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The illusion of language

What language purports to give us is the illusion of ‘mastery’ that Derrida he set out to puncture. Language, for Derrida, is always saying more than we want it to say; it has a tendency to undermine itself, even to turn against itself; there is no final liberation into some utopia of clarity, transparency and understanding

The illusion that language might provide us with access to a reality beyond language, beyond metaphor: an unmediated experience of truth and being of  that all too humAN  DESIRE FOR ‘presence’,

This illusion, according to Derrida, was the corollary of a long history of ‘logocentrism’: a privileging of the spoken word as the repository of ‘presence’.

The meaning of what we say, or write  is always ‘undecidable’; it hardly takes shape before it dissolves again in an endless process of differing and deferring that denies words any positive definition and at all;  and susceptible to deconstruction as any other utterance. 

Yet our subjectivity is ‘constituted’ in and through language,and if language as a means to state our being, so  you have to bid farewell to the idea of a stable, unified self. 

That notion is another of those reassuring fictions – like god, Spinoza’s ‘substance’, Hegel’s Geist, Heidegger’s ‘being’, Lévi-Strauss’s structures – we have devised in order to escape différance and find some anchor, some ‘meaning of meanings’. We would be better off, he suggested, if we abandoned this search for foundations, and these god-terms, in favour of a ‘Nietzschean affirmation, that is the joyous affirmation of the play of the world and the innocence of becoming.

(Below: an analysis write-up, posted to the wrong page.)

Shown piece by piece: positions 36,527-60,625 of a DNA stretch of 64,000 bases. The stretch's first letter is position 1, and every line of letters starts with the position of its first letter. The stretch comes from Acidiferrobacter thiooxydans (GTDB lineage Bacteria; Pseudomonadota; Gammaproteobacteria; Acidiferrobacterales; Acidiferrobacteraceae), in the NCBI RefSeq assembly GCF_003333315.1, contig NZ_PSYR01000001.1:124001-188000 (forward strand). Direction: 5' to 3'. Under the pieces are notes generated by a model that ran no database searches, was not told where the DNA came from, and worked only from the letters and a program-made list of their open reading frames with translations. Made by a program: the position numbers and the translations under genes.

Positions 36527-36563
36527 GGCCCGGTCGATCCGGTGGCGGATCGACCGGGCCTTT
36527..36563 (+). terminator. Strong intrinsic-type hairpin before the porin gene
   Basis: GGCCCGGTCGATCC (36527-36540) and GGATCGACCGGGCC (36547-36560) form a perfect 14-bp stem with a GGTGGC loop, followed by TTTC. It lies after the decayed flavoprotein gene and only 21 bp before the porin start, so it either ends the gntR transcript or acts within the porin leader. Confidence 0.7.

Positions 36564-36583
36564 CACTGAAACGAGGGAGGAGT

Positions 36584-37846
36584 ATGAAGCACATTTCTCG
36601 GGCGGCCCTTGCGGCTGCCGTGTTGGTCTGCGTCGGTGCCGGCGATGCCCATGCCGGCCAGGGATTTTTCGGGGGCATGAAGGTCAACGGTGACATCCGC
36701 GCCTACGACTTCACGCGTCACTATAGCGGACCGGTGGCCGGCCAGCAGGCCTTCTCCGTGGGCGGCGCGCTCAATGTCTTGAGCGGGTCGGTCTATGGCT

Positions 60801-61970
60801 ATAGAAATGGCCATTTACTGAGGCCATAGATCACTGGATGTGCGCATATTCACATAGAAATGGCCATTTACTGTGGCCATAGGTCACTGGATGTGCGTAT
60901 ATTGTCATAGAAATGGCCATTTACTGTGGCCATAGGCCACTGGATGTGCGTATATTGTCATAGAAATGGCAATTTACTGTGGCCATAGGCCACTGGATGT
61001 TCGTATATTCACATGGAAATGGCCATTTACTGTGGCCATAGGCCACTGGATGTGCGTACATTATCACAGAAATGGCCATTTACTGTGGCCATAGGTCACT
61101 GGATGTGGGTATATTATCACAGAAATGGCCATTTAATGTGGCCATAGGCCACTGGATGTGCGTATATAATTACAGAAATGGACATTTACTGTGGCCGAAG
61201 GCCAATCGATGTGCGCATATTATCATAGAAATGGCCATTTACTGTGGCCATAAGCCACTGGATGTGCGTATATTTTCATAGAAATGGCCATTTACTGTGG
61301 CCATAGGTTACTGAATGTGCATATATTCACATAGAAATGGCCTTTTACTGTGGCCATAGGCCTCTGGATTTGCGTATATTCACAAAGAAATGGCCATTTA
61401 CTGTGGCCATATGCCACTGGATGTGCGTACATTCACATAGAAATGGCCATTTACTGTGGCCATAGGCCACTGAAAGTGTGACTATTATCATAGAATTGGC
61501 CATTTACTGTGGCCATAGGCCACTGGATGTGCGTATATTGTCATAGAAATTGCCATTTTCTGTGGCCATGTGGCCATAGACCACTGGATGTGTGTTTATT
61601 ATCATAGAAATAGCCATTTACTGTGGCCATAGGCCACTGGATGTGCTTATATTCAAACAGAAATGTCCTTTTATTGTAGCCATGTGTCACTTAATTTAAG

This affirmation of becoming then determines the non-centre and subverts
a yearning for the illusory loss of the centre. 
In this way become heirs  of system-destroyers such as Wittgenstein, who used ‘satires, parodies, aphorisms’ to subvert the efforts of mainstream philosophy to ‘ground’ itself in certainties.

This then is not  covert ‘attempt at  ‘asphyxiation’ to reason but is what might be termed ‘resistance to totalitarain language. One migth term it an act of filial repudiation.

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